Agility is the Key to Survive a Crisis
A learning mindset can help companies navigate disruptions. How does the world’s best-known company, The Coca-Cola Company, stay focused on emerging stronger? We are in conversation with Jonathan Ojany, VP and Global Head, Center Operations and Strategy at the Company.
The Coca-Cola Company has many of the world’s most recognisable brands that are sold in almost every country in the world. The company’s workforce reflects its truly global nature. A number of talented Africans have risen to the top of the organisation, most notably Zimbabwean Nathan Kalumbu, head of Eurasia Africa group, Liberian Alex Cummings, who was Executive Vice President and Chief Administrative Officer.
Jonathan Ojany is the latest African looking to follow in the pioneering footsteps of these African leaders, successfully climbing the ladders towards the higher echelons of The Coca-Cola Company. A Kenyan with extensive experience running global strategy, he joined The Coca-Cola Company in 2014 to run Strategy, Planning and Digital for half the continent based out of Kenya and later Nigeria. In 2019 he moved to Coca-Cola’s headquarters in Atlanta to be Chief of Staff to the company’s Global President and Chief Operating Officer. Earlier this month, he assumed the position of VP and Global Head, Center Operations and Strategies at Coke.
The transition from Coke Africa to its headquarters, Ojany recalls, was fluid. He explains that the company has become adept at nurturing global talent. “Being a global company allows Coca-Cola to cross pollinate talent. The company’s success can be attributed in a large part to its ability to gather great and diverse ideas from a broad, global talent pool.”
Prior to Covid-19, Coke was experiencing healthy performance across its vast portfolio of countries and brands. The company’s strategy to drive top quartile performance was working but the pandemic created a new reality where, like all other companies in the world, Coke was suddenly called upon to adapt to a series of disruptions that stood all normal life on its head.
Adapting on the Run
Building on its 135-year heritage, the company looked through its history of managing crises, including prior pandemics, to find inspiration for navigating the pandemic. The Covid-19 pandemic was truly a “black swan” and presented the management team with numerous challenges: maintaining the safety of all its people, ensuring operational continuity including uninterrupted supply, production, distribution, sales, and supporting local communities. “We had to be agile, learning across markets on how the pandemic would play out, and staying ahead of the knock-on effects of various restrictions and resulting economic and operational challenges that impacted the movement of people, goods, and delivery of services.”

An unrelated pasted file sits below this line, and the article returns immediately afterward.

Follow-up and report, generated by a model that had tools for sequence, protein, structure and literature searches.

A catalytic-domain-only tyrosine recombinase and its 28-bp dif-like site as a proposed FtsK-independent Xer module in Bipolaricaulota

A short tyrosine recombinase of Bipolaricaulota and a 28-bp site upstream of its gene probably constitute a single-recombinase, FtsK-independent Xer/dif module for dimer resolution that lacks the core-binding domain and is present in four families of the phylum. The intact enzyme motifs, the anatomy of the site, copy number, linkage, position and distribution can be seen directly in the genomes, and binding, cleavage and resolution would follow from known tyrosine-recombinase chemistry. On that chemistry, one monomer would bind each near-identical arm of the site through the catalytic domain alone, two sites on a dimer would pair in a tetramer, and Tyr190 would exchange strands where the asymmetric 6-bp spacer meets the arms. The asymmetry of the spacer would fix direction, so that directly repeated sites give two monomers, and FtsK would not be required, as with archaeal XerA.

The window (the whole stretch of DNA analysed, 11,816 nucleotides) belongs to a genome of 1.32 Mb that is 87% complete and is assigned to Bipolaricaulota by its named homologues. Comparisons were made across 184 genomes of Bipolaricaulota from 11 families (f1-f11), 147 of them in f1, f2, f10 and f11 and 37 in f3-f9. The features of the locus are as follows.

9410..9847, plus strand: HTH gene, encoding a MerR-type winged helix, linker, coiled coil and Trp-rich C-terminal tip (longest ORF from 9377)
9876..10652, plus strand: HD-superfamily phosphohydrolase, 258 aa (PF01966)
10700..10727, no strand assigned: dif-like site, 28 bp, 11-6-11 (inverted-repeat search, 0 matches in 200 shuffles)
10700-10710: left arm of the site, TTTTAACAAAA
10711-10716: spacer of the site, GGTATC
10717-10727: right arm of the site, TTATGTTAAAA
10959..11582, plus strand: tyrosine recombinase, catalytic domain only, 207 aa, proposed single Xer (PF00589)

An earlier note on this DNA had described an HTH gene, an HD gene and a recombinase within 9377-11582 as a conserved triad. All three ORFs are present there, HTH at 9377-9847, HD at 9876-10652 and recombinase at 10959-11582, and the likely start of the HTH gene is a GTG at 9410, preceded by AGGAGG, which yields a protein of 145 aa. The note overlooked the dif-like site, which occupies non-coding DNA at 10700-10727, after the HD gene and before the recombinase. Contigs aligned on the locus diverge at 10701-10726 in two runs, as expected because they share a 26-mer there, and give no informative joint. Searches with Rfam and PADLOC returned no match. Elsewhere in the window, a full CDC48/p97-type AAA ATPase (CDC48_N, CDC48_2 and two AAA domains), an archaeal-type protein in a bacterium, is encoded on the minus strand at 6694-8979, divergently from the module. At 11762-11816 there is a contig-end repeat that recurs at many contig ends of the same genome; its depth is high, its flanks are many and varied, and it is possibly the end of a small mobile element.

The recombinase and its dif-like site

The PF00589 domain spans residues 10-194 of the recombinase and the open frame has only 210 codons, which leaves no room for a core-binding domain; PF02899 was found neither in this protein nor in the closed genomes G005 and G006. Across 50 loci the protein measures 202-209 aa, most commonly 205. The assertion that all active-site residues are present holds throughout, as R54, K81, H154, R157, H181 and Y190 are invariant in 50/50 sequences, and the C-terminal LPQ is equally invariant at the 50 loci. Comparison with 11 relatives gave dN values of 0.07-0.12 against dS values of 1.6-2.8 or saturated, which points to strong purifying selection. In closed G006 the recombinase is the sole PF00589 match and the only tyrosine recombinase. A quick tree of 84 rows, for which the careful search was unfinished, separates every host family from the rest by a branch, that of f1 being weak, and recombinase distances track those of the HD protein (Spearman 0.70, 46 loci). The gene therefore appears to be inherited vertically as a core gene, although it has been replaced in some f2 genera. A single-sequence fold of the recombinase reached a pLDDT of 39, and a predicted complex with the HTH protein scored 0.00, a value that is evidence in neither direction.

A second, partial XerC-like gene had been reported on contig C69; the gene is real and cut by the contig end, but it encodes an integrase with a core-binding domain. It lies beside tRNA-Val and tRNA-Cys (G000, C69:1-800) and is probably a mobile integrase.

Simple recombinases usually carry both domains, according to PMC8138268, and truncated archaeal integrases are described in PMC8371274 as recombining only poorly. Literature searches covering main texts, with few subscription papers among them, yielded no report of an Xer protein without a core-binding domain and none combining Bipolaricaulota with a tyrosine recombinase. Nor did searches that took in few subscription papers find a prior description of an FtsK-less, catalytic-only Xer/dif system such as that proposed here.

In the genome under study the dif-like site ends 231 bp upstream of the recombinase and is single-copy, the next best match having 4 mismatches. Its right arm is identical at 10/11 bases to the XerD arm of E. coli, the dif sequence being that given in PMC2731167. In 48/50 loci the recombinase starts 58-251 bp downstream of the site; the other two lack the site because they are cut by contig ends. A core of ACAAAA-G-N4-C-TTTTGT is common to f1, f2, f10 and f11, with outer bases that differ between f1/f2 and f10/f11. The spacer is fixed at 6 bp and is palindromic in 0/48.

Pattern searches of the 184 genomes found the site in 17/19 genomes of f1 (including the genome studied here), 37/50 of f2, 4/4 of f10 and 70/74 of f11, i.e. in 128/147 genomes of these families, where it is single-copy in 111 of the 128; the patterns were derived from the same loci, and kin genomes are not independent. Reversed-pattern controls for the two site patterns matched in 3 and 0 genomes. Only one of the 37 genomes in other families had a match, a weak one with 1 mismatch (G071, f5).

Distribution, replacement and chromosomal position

“We had to reassess vulnerabilities along the entire global value chain, identify bottlenecks and finding innovative solutions” he adds. “We had a people-first mindset, focusing on the safety of our people and supporting our communities.” It was problem-solving at a pace and on a scale that was unprecedented. For Jonathan Ojany, given his background as a strategy and management consultant, the rapid fire fighting was a challenge he relished. In its way, the pandemic has concentrated focus on the skill sets industry leaders need to respond to the needs of the moment.
With so much disruption taking place, are the skills that one looks for different to what they would have been, five or ten years ago? “You always look for skills to help you win today while building for the future. The evolution of those skills is based on what you believe the future will look like and what you will need to invest in to enhance your competitive advantage to not only remain relevant but also win in that future” he says.
The specific skills needed today, he says, have evolved from those that defined the workplace five years ago. Digital, data and technology now define every aspect of our personal lives as well as the business world, from supply chain to production, distribution and logistics, sales, and marketing. Access to data and technology has made the consumer more connected and therefore more sophisticated, democratising knowledge irrespective of whether they are in emerging or developed markets. They are clear on what they want with affordability being the variable to getting what they want. Consequently, to ensure relevance, companies can no longer tell the consumer what they “think” they want but instead must meet the consumer where they shop (online or offline) with the products they want, when they want them.